Sap In Their Veins — Portraits and Oral Histories of Loggers / 1988-1989, 2004
In the fall of 1977 on a Friday evening, our logging crew was at the White Pines Lodge in Arnold, CA. Jack Hannah, our siderod, just bought a round of beer. He had the biggest handlebar mustache I had ever seen. It was lightly dusted with beer foam as he roasted me for way too long. He mercifully ended by saying, “In 44 years of logging, you’re the best damn choker setter I’ve seen. I wish you well with photo school and please, don’t forget us dirty old loggers”.
When I moved from the suburbs of Los Angeles to the Sierra Nevada mountains to work in the woods, it was a lark I thought would last one season. I fell in love with the work itself. It was physical and dangerous. We shared a certain camaraderie that comes from relying on one another to stay alive. We logged selectively so when we left a job seventy-five percent of the forest was still standing. One season turned into four. I set chokers, bumped knots and skinned cat.
In the next decade I lived in Santa Barbara, attended photo school and became aware of environmental issues. In the late eighties when reading in the L.A. Times about angry loggers facing off against angry environmentalists, I found myself empathetic to both sides. I wanted to stop the logging of all old growth forests. I also wanted loggers to be seen as the rough-around-the-edges, but good and kind husbands, fathers and sons I knew them to be.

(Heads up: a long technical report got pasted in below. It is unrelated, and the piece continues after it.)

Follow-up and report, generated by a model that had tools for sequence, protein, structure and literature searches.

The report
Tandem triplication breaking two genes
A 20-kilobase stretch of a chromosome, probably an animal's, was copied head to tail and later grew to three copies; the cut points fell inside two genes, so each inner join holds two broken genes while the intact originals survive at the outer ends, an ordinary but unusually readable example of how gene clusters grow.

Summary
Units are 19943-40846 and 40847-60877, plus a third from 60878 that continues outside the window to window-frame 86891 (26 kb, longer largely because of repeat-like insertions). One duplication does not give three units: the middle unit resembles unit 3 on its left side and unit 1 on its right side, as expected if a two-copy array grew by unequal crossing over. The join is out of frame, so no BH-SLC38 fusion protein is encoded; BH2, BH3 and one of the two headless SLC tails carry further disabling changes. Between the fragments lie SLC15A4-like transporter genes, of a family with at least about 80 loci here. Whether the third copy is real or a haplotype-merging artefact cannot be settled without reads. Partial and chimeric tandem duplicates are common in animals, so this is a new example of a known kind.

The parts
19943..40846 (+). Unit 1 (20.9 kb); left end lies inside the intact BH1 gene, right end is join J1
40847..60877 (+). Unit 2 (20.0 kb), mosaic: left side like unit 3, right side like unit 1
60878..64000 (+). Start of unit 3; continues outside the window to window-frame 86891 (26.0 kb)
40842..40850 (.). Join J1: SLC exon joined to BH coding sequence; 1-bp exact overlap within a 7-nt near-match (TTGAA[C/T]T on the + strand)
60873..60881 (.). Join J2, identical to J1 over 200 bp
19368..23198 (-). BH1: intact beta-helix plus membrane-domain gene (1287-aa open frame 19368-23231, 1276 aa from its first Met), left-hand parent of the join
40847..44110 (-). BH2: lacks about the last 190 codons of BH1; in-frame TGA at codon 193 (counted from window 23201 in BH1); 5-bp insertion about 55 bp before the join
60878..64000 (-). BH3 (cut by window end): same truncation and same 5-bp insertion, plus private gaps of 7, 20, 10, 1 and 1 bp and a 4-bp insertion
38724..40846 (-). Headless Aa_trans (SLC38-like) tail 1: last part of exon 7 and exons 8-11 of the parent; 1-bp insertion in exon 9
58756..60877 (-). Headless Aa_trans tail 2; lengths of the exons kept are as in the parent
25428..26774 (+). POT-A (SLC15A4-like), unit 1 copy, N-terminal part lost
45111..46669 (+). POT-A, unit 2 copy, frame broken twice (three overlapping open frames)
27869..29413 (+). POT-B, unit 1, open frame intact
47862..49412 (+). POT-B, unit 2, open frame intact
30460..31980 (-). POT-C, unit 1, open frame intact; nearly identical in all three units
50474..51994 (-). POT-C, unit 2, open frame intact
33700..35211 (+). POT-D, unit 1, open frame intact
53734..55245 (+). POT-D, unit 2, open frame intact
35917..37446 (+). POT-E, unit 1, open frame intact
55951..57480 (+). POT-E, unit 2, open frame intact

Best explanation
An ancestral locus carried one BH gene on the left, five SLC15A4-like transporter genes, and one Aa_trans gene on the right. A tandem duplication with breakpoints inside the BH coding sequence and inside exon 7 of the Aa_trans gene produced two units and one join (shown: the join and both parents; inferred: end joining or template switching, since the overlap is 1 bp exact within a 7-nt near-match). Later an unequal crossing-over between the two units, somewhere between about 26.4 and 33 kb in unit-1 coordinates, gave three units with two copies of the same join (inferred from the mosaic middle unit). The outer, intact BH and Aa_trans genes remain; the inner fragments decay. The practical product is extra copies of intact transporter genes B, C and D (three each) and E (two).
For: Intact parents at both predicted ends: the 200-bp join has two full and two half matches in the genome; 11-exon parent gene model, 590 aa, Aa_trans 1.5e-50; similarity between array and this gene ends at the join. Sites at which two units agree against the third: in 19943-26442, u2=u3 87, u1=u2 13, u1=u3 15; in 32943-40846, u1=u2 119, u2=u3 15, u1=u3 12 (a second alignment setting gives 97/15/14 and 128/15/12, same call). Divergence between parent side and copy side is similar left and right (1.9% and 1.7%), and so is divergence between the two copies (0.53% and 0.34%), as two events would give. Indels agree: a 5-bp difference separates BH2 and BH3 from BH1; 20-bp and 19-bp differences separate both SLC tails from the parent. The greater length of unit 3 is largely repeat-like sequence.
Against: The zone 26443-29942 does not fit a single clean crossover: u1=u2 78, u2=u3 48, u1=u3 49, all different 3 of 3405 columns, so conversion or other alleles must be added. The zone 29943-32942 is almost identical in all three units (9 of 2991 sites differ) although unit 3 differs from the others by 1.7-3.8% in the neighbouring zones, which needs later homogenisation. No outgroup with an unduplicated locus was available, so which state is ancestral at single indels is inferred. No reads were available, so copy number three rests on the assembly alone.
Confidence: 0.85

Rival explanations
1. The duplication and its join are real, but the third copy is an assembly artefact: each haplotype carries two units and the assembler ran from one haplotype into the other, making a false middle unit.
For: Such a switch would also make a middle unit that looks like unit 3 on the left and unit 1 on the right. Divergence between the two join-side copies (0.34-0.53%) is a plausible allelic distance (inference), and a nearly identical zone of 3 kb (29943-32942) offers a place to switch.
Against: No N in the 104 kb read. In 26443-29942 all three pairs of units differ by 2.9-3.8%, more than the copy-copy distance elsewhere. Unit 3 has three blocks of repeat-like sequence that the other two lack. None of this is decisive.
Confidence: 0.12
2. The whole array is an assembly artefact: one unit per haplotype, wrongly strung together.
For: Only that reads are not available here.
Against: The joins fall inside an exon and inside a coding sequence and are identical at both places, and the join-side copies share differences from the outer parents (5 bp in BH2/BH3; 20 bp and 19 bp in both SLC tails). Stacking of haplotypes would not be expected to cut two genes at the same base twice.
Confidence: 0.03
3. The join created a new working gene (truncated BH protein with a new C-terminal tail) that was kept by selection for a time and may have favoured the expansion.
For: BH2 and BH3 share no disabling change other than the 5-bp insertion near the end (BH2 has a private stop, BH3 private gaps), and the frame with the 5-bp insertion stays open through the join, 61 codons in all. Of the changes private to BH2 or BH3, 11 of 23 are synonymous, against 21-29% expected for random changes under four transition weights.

Working with the Mendocino County Museum we created an exhibit of portraits and oral histories that toured three museums in 1989-90. Fifteen years later, Karen Sinsheimer, curator at the Santa Barbara Museum of Art, suggested I revisit some of the same places and people I photographed before to discover how logging had changed. She arranged an exhibit at the California State History Museum of the old and new work combined.
In 2004 I re-traced my route through northern California making portraits and recording oral histories for the upcoming show. Due to unexpected leadership changes at the museum my exhibit was cancelled.
This work is now a traveling exhibition and in the process of becoming a book.